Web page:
Thursday, March 03, 2005

Uniform Doesn't Mean Uniform In England Anymore

In this morning's New York Times, they are reporting that an English court has ruled that a school's dress code violated a Muslim student's human rights by not allowing her to wear the "jilbab" (traditional Muslim garment) instead of her school uniform. According to The Times:

The court stopped short of ordering the school to allow the girl, Shabina Begum, to wear her choice of dress - the jilbab, a long shapeless robe. But it said that the school, Denbigh High School in Luton, Bedfordshire, had erred in not considering her human rights when it ordered her to wear the uniform.

"Her freedom to manifest her religion or belief in public was being limited," Lord Justice Brooke, vice president of the civil division of the Court of Appeal, one of Britain's highest courts, said in his opinion. As an extension of the state, he said, the school should be required to "justify the limitation on her freedom created by the school's uniform code and by the way it was enforced."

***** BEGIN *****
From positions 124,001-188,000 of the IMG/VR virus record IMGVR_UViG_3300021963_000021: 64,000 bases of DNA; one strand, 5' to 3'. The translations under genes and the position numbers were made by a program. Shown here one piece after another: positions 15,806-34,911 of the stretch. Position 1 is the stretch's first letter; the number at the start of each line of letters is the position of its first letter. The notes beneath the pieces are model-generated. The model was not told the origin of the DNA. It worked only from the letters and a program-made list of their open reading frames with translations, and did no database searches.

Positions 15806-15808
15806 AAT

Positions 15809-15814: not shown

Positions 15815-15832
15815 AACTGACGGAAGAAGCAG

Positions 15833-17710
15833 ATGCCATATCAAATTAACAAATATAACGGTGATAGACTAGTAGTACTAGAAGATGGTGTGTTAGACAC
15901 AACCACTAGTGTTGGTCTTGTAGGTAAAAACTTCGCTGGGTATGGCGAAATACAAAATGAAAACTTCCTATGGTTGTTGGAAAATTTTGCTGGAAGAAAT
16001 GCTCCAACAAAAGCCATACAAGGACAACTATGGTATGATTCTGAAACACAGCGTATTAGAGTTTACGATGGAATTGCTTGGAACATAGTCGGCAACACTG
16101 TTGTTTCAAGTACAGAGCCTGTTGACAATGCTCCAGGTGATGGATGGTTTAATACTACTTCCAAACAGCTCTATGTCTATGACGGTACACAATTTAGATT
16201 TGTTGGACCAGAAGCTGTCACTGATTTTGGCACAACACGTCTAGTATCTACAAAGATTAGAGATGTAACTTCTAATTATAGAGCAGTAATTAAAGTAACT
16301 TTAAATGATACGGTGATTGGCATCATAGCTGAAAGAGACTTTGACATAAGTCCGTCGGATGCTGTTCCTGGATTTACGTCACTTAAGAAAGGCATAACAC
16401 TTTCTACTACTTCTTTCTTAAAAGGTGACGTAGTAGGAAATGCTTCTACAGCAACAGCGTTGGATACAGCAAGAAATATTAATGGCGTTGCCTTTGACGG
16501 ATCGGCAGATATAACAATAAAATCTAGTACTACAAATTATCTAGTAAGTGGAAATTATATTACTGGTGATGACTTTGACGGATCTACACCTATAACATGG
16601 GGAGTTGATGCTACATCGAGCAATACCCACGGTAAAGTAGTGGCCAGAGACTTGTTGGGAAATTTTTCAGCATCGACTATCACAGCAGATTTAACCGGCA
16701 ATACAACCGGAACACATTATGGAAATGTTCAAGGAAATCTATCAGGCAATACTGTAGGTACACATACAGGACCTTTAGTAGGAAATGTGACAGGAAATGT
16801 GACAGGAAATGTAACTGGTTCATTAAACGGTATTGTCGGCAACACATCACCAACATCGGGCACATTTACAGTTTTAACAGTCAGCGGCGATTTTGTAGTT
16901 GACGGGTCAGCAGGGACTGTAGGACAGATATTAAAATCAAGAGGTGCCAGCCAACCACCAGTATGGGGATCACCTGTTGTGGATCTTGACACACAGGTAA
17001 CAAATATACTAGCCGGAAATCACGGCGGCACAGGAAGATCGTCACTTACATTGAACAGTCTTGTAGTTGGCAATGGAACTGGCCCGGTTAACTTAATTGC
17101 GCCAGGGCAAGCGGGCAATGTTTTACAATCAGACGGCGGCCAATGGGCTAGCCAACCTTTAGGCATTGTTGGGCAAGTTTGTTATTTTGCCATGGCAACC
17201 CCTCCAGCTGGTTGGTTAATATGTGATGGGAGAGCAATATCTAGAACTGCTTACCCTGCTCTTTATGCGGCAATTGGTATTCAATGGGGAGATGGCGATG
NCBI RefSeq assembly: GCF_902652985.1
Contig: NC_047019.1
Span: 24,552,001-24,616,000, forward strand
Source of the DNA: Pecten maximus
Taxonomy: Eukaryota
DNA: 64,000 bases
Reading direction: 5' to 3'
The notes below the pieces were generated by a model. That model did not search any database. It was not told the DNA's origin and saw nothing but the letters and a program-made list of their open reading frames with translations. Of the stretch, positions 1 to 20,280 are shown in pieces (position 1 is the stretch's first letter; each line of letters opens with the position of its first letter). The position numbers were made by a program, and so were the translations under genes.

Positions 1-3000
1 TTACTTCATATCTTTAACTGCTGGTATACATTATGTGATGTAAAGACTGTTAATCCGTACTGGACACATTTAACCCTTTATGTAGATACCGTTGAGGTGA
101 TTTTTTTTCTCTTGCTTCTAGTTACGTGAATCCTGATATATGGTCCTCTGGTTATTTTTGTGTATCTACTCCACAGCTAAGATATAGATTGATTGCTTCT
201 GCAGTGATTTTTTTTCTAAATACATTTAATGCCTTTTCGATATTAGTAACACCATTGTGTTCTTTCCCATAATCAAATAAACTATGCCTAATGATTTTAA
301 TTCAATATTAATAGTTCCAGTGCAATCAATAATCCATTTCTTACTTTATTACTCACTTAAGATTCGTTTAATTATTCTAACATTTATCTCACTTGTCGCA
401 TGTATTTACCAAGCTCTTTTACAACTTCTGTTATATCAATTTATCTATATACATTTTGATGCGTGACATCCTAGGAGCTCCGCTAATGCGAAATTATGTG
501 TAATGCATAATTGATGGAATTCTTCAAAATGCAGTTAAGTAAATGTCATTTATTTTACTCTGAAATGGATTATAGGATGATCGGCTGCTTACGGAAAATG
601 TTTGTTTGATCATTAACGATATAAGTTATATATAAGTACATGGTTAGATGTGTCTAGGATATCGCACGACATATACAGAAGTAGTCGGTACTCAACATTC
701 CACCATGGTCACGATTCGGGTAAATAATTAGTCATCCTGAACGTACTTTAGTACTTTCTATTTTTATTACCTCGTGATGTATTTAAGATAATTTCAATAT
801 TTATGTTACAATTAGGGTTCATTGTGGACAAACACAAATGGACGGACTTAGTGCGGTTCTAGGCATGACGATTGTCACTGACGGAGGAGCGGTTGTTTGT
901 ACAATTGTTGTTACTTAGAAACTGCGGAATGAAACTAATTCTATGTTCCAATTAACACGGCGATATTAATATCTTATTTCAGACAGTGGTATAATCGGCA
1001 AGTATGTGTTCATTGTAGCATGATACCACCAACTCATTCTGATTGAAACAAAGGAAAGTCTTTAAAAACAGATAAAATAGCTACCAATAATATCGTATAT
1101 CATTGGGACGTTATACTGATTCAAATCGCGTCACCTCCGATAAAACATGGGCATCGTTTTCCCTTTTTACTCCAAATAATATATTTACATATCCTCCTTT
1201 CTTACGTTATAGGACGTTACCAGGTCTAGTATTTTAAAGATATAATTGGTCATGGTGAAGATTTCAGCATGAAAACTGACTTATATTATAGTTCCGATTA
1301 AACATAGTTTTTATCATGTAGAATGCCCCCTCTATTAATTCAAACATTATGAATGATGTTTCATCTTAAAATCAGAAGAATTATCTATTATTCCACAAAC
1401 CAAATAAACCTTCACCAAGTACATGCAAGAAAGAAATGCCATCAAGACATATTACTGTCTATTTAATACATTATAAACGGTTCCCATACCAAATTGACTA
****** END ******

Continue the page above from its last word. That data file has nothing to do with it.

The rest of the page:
Miss Begum, 16, called the decision "a victory for all Muslims who wish to preserve their identity and values despite prejudice and bigotry."

She told reporters that the school's policy was not "merely a local decision taken in isolation" but part of a pattern. "It was a consequence of an atmosphere that has been created in Western societies since 9/11," she said, "an atmosphere in which Islam has been made a target for vilification in the name of the 'war on terror.' "

But a spokeswoman for Luton Borough Council, which is responsible for Denbigh, said that the case had been lost on a "technicality" concerning the way the decision to deny Miss Begum the right to wear the jilbab was reached - not, significantly, on the merits of its uniform policy or on its right to set policy."

The whole thing can be read here.

Here in our own California school district, we have had school uniforms in place for several years. Parents do have the choice of "opting-out" (and some do) but apparently, in England, uniform has always meant uniform. But no more.

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